If 13 people are shot, would that constitute a mass shooting?
Now, if you use the definition I generally do–a shooting where four or more people are shot and killed in a single incident–then probably not. At least, not if no one died.
As Cam reported yesterday, a shooting that left 13 people injured took place over the weekend in Chicago, one of the most dangerous cities in the nation. In his post, Cam noted that the “gun violence victim” was really a 22-year-old man who attempted a carjacking and got shot for his troubles. Hardly the poster boy for good behavior.
However, that wasn’t the only media failure.
There was a mass shooting that took place in Chicago, Illinois, over the weekend that left at least 13 people injured but networks like CNN, which often break into regularly scheduled programming to cover mass shootings wall-to-wall, appeared to cover the Chicago incident only as an element of regular news.
Technically speaking, there is no definitive definition for a “mass shooting” — a fact often repeated by critics of gun control organizations, who often artificially inflate the number of mass shootings and school shootings by including multiple victim incidents and shootings that take place within a certain distance of school grounds.
The group “The Gun Violence Archive,” which purports to keep track of mass shootings as a way of pressing for more stringent gun control laws, defines “mass shooting” “as when four or more victims are shot or killed – not including the shooter,” according to Yahoo News — a definition which allows the group to make outrageous claims, like that there were more than 250 mass shootings in the first six months of 2019.
Oddly enough, the Chicago incident would qualify under many groups’ definition of mass shooting, but isn’t prompting the same kind of coverage as shootings with fewer victims, perhaps because Chicago has strict gun control laws that prohibit most individuals from owning guns, outlaw the sale of guns within the city limits, and allows for the confiscation of weapons obtained and owned illegally.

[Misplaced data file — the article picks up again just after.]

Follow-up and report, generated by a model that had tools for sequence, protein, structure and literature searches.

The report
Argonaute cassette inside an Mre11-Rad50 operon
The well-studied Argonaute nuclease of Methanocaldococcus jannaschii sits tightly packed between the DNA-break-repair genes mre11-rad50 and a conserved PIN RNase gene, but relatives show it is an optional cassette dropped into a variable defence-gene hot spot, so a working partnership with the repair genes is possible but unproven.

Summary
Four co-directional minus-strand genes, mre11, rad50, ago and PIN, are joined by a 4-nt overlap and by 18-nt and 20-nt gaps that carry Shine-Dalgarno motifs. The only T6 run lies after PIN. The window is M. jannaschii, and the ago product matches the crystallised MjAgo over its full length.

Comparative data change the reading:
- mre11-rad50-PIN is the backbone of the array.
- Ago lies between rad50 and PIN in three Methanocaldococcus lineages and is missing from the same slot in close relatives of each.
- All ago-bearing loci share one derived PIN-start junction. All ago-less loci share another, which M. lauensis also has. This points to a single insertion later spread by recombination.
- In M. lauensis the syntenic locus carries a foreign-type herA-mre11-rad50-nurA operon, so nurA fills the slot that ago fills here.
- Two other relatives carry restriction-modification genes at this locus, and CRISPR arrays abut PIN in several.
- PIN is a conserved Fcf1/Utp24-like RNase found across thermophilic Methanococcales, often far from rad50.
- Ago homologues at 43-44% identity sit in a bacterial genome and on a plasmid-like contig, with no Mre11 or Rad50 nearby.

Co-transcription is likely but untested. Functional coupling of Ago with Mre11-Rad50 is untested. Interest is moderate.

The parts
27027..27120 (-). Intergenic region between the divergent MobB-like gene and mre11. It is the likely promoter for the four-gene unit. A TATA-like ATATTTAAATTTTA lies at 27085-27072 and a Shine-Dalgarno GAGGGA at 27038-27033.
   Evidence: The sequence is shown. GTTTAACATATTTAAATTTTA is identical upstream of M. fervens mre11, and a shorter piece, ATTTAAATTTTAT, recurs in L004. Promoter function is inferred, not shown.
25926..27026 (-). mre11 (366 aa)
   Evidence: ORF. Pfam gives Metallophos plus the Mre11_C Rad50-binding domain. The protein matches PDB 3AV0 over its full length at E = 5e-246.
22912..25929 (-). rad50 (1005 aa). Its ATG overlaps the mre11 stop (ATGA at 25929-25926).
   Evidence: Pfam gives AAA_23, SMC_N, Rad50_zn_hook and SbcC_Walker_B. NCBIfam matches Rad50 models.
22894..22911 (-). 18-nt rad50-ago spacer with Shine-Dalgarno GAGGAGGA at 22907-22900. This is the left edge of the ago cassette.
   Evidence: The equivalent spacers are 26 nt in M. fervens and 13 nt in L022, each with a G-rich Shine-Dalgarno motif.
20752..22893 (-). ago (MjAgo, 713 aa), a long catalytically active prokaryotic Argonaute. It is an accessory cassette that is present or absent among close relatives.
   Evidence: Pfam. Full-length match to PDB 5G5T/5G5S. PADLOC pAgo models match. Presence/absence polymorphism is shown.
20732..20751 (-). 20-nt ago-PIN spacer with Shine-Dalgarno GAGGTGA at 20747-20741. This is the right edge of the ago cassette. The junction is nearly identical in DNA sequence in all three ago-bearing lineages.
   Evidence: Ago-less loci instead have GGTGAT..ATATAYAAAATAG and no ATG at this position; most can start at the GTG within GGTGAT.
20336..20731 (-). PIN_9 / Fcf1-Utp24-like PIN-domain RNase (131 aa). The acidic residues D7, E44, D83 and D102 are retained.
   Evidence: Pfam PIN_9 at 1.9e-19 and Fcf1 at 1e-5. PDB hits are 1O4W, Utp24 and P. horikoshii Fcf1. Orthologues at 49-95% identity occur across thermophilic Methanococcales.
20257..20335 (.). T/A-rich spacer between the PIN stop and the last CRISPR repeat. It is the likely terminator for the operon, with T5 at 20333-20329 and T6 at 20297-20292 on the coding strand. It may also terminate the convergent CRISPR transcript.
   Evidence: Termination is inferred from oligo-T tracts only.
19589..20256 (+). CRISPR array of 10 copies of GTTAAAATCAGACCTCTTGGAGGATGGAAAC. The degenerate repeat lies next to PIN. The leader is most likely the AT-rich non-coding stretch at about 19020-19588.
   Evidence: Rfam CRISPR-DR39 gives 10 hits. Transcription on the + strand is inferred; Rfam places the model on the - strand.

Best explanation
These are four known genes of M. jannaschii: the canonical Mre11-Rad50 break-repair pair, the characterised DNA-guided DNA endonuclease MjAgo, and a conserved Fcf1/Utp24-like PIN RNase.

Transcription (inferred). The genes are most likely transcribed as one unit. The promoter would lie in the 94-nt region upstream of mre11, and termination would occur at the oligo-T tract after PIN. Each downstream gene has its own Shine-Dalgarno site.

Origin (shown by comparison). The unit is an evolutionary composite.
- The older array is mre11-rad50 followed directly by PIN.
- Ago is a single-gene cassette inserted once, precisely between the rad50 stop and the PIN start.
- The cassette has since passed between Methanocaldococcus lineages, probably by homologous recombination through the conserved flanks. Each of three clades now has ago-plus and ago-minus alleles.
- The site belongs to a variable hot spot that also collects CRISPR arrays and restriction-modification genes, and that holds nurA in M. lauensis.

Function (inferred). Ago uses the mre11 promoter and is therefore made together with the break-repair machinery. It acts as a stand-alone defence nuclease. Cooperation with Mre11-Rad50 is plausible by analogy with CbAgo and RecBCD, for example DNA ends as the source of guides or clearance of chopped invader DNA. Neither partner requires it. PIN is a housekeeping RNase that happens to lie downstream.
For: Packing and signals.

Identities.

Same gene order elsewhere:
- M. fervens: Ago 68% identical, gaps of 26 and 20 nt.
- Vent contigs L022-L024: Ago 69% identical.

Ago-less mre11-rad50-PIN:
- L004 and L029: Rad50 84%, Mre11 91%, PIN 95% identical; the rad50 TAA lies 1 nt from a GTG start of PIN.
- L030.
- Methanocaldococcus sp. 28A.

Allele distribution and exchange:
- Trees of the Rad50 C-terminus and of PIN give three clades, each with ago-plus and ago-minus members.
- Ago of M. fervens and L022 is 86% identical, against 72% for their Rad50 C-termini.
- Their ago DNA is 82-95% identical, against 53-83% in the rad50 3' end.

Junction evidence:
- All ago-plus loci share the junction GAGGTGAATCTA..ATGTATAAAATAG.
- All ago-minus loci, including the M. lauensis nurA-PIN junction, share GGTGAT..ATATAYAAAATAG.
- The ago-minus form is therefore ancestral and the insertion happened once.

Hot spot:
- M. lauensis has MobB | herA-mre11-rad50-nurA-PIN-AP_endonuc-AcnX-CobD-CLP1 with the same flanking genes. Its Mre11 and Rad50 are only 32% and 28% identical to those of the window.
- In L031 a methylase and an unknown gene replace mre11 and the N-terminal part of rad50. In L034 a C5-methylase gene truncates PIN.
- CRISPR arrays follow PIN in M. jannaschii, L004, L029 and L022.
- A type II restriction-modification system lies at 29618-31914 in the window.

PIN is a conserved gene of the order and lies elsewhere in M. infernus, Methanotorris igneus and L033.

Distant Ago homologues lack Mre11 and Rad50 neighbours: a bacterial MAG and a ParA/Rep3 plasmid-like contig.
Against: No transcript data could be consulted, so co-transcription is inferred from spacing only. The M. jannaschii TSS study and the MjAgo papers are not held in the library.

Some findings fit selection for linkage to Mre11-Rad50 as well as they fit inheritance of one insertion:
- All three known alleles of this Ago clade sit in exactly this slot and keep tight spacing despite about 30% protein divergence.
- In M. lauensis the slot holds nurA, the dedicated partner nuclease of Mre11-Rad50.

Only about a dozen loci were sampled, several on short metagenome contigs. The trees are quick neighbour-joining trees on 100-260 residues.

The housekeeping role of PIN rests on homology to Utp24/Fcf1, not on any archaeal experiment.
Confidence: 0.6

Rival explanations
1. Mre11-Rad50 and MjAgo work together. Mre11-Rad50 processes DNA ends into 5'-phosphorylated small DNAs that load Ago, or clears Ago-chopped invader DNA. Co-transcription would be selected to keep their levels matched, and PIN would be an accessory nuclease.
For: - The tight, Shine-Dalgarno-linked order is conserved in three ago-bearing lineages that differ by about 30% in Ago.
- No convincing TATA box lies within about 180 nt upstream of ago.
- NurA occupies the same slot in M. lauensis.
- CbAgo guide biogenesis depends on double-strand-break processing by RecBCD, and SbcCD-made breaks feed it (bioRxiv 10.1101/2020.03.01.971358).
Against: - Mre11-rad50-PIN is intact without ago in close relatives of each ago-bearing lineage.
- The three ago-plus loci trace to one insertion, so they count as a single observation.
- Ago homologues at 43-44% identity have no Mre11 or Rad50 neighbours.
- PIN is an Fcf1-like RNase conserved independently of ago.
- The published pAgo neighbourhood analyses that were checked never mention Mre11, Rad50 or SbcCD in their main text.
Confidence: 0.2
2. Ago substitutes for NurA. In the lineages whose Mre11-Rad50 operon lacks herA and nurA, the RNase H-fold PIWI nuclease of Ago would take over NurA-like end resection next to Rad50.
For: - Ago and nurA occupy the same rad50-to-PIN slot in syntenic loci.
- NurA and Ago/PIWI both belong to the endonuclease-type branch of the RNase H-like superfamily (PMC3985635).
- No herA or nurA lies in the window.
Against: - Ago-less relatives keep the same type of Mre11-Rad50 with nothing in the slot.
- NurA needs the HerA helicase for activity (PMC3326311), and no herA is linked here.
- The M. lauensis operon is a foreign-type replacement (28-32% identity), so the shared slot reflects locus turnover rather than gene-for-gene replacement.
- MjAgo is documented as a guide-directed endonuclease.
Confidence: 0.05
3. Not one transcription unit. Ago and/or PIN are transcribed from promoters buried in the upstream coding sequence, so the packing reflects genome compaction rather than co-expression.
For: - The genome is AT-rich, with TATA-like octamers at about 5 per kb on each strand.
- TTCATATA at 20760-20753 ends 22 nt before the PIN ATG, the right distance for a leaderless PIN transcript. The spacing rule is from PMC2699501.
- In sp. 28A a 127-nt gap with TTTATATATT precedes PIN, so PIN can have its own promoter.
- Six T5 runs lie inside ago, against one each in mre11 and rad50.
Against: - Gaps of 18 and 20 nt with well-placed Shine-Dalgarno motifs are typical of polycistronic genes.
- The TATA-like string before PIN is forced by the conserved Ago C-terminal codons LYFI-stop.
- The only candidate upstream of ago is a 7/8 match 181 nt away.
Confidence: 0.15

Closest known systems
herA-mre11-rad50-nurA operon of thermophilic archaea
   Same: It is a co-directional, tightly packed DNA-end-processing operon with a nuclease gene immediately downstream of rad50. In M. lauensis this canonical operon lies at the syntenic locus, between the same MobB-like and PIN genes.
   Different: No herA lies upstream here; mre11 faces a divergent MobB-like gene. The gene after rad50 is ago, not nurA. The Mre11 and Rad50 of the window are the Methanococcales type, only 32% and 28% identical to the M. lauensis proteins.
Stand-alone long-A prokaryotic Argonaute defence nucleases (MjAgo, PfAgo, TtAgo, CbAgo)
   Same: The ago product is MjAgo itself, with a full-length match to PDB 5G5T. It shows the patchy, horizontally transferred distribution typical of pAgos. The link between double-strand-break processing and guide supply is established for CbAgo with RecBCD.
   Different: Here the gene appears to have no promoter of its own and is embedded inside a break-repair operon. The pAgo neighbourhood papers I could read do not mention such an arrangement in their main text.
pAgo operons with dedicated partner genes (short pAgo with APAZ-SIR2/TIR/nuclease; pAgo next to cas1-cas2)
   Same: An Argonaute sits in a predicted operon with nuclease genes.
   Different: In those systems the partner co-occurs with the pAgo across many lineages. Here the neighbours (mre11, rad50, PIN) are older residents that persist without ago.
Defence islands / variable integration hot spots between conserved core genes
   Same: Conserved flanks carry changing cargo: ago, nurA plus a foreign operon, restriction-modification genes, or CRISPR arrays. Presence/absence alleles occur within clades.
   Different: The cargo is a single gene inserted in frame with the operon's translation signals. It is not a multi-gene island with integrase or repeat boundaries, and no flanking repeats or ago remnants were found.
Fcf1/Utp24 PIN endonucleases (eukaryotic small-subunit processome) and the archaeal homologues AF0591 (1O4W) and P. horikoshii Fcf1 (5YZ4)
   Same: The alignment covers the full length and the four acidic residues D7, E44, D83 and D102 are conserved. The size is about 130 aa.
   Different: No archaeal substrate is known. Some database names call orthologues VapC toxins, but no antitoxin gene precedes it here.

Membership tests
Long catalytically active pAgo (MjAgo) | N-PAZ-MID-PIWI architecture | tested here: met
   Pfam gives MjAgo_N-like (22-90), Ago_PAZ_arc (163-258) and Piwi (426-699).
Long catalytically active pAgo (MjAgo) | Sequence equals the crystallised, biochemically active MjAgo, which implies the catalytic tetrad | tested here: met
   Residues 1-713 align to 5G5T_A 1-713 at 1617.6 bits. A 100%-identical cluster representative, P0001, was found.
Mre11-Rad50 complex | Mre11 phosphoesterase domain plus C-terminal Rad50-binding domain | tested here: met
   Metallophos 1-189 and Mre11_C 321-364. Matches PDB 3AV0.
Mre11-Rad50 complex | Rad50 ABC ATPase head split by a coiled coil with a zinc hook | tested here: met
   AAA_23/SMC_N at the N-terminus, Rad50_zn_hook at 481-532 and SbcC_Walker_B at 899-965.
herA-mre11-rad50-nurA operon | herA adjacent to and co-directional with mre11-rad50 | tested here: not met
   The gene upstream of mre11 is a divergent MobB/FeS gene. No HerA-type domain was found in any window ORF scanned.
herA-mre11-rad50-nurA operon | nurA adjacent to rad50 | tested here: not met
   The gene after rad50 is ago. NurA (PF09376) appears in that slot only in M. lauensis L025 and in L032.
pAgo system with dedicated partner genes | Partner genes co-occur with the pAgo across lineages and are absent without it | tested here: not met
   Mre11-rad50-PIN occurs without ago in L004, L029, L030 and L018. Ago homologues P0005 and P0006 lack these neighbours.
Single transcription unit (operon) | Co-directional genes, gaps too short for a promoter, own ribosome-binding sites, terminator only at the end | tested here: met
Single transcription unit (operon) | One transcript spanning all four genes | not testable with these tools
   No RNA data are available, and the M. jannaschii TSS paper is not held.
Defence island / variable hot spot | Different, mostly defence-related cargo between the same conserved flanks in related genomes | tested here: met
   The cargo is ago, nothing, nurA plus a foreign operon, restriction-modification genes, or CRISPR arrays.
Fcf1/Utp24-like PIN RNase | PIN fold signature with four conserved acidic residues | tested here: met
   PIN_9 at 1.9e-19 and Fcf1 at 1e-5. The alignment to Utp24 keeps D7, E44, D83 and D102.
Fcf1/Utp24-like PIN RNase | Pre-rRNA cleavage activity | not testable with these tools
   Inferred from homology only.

No, they didn’t offer it that kind of coverage. Then again, why would they? As writer Emily Zanotti notes, Chicago has some of the most strict gun control laws in the nation governing it. For 13 people to be shot would illustrate a complete failure of gun control laws and that’s something the mainstream media simply can’t abide.
Instead, they frame the deceased as a victim of gun violence when he was shot in self-defense, then ignore the fact that a shooting took place that conforms to their preferred definition of mass shooting so they don’t have to discuss how all those gun control laws failed completely.
Convenient, to say the least.
This is why so many pro-gun folks simply can’t take the mainstream media seriously. They routinely push an anti-gun narrative, then try to gloss over news that’s detrimental to that cause, all while still claiming to be unbiased and simply reporting “facts” when they’re nothing of the sort. They’re biased actors trying to replace journalism with activism.
Look, I know I’m biased. I write someplace where everyone knows my bias. They can see it plain as day so they at least know where I’m coming from. They can look at my biases and take those into account when reading my posts.
Yet CNN and other news agencies are still pretending to be neutral observers and reporters. If this doesn’t illustrate just how full of it they are, though, nothing will.